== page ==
A few weeks ago, Nvidia confirmed that the company was halting its plans to acquire ARM, citing significant regulatory challenges. Nvidia has been the focus of scrutiny since the initial disclosure, so it was no surprise to the outside world. Some regulators and organizations were concerned about the company’s $40 billion acquisition of ARM Limited, and even though the CEO insisted that he was optimistic about the acquisition, subsequent negotiations stalled for a time. Following the cancellation of the ARM acquisition, Nvidia will not change its strategy for the future.
Nvidia will not make any changes to its strategy
The current CEO of Nvidia sees no reason to update the company’s roadmaps after its purchase of ARM fell through with antitrust regulators.
Jensen Huang spoke out in an interview with VentureBeat on the issue, which has thrown the company’s intentions to gain a strong foothold in the mobile device chip segment into disarray.
VentureBeat: “What’s your strategy post-ARM – do you need to communicate your strategic direction in light of the deal cancellation?”
Jensen Huang: “Nothing, really. Because we never partnered with ARM. So there was never any talk about the strategies that would have resulted from that combination. So our strategy is exactly the same. We do accelerated computing wherever there are CPUs (central processing units). And so we’re going to do it for x86. And we’re going to do it for ARM. We have a lot of ARM CPUs and systems-on-chip (SoCs) in development. And we’re enthusiasts. We’re doing all of that. We have a 20-year license to ARM’s intellectual property. And we will continue to leverage all of that and all of the markets. And that’s it. We’ll continue to build CPUs, (graphics processing units) GPUs, and DPUs (data processing units).”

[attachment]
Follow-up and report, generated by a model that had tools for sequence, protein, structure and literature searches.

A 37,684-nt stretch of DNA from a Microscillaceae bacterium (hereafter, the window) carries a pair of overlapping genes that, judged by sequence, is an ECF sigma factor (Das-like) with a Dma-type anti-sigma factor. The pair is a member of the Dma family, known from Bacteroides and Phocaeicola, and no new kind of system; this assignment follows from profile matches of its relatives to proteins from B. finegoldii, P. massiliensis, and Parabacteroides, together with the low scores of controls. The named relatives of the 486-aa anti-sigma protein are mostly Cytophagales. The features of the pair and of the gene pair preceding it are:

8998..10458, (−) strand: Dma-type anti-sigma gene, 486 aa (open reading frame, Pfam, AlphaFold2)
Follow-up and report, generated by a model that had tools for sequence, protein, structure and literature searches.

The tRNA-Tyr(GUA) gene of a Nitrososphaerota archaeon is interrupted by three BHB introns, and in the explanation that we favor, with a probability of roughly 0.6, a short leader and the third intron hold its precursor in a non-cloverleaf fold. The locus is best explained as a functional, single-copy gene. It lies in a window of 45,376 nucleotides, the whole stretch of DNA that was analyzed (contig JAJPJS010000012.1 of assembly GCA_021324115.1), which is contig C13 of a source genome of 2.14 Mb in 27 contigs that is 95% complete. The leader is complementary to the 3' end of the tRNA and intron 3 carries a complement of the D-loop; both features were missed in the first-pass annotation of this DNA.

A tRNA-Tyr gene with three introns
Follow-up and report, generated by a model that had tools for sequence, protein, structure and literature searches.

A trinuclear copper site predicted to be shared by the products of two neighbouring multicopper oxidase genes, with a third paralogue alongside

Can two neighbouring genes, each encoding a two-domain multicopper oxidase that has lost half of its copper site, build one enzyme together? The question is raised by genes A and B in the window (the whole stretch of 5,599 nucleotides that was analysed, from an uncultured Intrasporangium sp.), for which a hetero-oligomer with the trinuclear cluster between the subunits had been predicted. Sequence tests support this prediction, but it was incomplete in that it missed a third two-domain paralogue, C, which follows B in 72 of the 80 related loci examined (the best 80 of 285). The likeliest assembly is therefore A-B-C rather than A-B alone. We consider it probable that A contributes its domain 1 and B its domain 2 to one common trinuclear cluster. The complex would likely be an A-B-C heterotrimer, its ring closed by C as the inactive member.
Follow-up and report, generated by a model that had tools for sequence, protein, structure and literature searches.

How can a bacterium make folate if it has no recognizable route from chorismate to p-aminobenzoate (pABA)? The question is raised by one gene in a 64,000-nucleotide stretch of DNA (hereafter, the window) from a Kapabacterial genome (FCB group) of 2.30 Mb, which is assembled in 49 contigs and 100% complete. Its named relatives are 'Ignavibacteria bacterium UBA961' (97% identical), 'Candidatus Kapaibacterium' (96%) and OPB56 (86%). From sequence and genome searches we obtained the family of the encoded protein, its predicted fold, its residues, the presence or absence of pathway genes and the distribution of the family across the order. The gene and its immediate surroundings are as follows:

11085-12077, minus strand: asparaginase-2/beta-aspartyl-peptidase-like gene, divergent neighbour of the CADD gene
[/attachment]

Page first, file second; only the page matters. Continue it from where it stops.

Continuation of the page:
VentureBeat: “So it’s all about your three-chip strategy – would you consider RISC-V now that the ARM deal is off the table?”
Jensen Huang: “We are using RISC-V. We use RISC-V in our GPUs. We use it in a number of areas. For the system drivers, there’s a RISC-V acceleration engine in the Bluefield GPU, sort of a programmable engine. And we use RISC-V when it makes sense. We use ARM when it makes sense. We use x86 when it makes sense.”
In short, Nvidia sees no reason to worry after this rejection of the acquisition, which has been pegged at around $40 billion. We’ll keep you posted as we hear more.